“I think we need to find a way — the language, the style — to attract young people to check out the Church,” he stated. “And once they’re on fire, they will take that fire to others.”

Toward that end, he sees an urgency for Catholics of all ages to be re-evangelized and have that fire rekindled.

“We need this in our families, in our neighborhoods, in our schools and in the entire Church,” he said.

“The suffering Jesus”

Fr. Luzindana spoke of the Missions Special Collection as a way to help people in tremendous need.

“It’s very important, with great urgency, to touch the suffering Jesus, the needy Jesus,” he said.

“There are many people who really need our help,” he said. “They have no water, they have no shelter, they have no education, they have no medication.

“There are things we are all going to leave behind here when we go to heaven,” he said. “God will give us heaven. So, please be generous and give.” 

Fr. Luzindana recalled the first parish where he served after his ordination.

There was no electricity, indoor plumbing or flushing toilets.

“I was the only person there who had a car, and my car was also working as an ambulance,” he noted.

The people had to walk up to 10 miles to get fresh water. Children had to walk seven miles to get to school.

Addressing those needs by helping pay to drill wells and build schools changes lives dramatically and prompts entire communities to turn to God in gratitude.

The priest talked about how people of the Jefferson City diocese donated a corn mill to a community in the Kampala archdiocese. People now come from miles away to have their harvested maize processed into flour they can bake with.

“It’s so great!” he said. “We can’t say enough words of thanks for the generosity of the people here, that they can think of others God has created who are need.”

“Do something”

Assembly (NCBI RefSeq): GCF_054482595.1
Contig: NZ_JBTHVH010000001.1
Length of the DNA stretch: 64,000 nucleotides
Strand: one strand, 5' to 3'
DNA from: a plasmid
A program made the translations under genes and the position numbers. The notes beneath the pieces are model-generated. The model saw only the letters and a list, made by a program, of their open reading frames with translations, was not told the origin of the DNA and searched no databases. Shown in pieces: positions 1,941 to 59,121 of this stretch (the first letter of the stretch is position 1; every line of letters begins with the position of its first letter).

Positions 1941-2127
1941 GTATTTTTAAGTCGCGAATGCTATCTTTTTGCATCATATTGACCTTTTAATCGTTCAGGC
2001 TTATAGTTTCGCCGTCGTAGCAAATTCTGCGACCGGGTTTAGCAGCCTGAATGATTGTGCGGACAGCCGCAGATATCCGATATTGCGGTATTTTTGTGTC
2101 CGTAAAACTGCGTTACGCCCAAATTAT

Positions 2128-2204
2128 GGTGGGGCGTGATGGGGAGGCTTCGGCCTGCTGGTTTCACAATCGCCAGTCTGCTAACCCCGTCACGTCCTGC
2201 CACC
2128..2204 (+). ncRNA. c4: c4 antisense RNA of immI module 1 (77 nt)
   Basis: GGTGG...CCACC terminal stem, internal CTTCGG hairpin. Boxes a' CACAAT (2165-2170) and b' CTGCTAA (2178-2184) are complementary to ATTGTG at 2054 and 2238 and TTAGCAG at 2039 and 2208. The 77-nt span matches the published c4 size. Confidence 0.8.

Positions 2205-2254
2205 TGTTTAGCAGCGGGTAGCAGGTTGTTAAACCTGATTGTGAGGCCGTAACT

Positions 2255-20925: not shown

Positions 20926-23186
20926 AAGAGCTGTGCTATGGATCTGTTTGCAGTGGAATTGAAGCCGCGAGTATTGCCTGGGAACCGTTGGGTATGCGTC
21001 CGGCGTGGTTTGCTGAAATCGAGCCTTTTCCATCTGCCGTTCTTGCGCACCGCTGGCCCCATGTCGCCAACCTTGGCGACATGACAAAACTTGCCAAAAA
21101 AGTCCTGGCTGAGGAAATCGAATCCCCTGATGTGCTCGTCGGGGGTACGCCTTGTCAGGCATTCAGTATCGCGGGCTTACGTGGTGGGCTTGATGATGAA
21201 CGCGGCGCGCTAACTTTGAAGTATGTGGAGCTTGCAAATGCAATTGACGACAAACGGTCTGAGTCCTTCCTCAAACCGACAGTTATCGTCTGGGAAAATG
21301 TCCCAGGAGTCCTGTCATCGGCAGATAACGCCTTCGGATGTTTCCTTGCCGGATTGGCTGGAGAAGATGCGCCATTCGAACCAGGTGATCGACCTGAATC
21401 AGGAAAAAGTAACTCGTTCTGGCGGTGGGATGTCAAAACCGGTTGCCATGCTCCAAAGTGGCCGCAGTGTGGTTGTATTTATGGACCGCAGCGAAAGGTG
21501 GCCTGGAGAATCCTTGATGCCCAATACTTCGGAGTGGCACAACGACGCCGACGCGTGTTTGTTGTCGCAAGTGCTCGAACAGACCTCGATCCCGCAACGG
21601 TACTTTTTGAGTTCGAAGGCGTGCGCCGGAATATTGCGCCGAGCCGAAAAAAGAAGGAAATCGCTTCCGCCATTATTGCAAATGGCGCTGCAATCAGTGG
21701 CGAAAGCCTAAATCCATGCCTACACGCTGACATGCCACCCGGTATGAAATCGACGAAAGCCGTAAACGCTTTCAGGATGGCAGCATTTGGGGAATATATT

Fr. Luzindana said mission is the primary goal for Christians.

“Jesus told us to go to the entire world and ‘make them my disciples,’” he noted. “The mission did not stop in the Holy Land where Jesus was. He wanted to reach everyone, and he sent us!”

Jesus provided three means for people to draw others to himself:

  • By proclaiming the Good News of Jesus offering freedom from sin;
  • By putting that Good News into action like Jesus, who could have set salvation into motion with merely a word from heaven “but chose to come and act to the point of giving up his own life”;
  • By praying for one another, specifically for their souls to be saved.

“It has got to be about action,” Fr. Luzindana emphasized. “It’s not about talking to God and talking about God and then not doing anything. We’ve got to do something!

“Whatever words we say, people should know there is Christ in us,” the priest stated. “But we must also continue doing these things until everyone feels the mercy of God.”

He called to mind the group of young adults from this diocese who went to visit his home diocese over Holy Week of this year.

“People from here have gone to Uganda to pray with the people, to eat with them, to pray with their kids, physically to see where these kids live and where they learn,” he said.

“They went on mission by going there and trying to see and experience and to show their love,” he said. “What a beautiful thing!”

“Beautiful family”

Fr. Luzindana spoke of the whole Catholic Church as “a big family” and “a wonderful community.”

“What a beautiful family of God!” he said. “There are no distinctions, there are no divisions, but we all share the one cup of Jesus and the one Body of Christ.”

Fr. Luzindana asked for prayers for him and all of his fellow priests to remain faithful, obedient and humble and to serve with all their energy, and for the people of his homeland who are poor and suffering to overcome the effects of bad leadership.

“More importantly, please pray that the fire of Jesus Christ may burn in every heart — in Africa, in America, in Asia, everywhere,” he said.

“And may God help us  turn to him and be good stewards of his vineyard and be received into heaven!”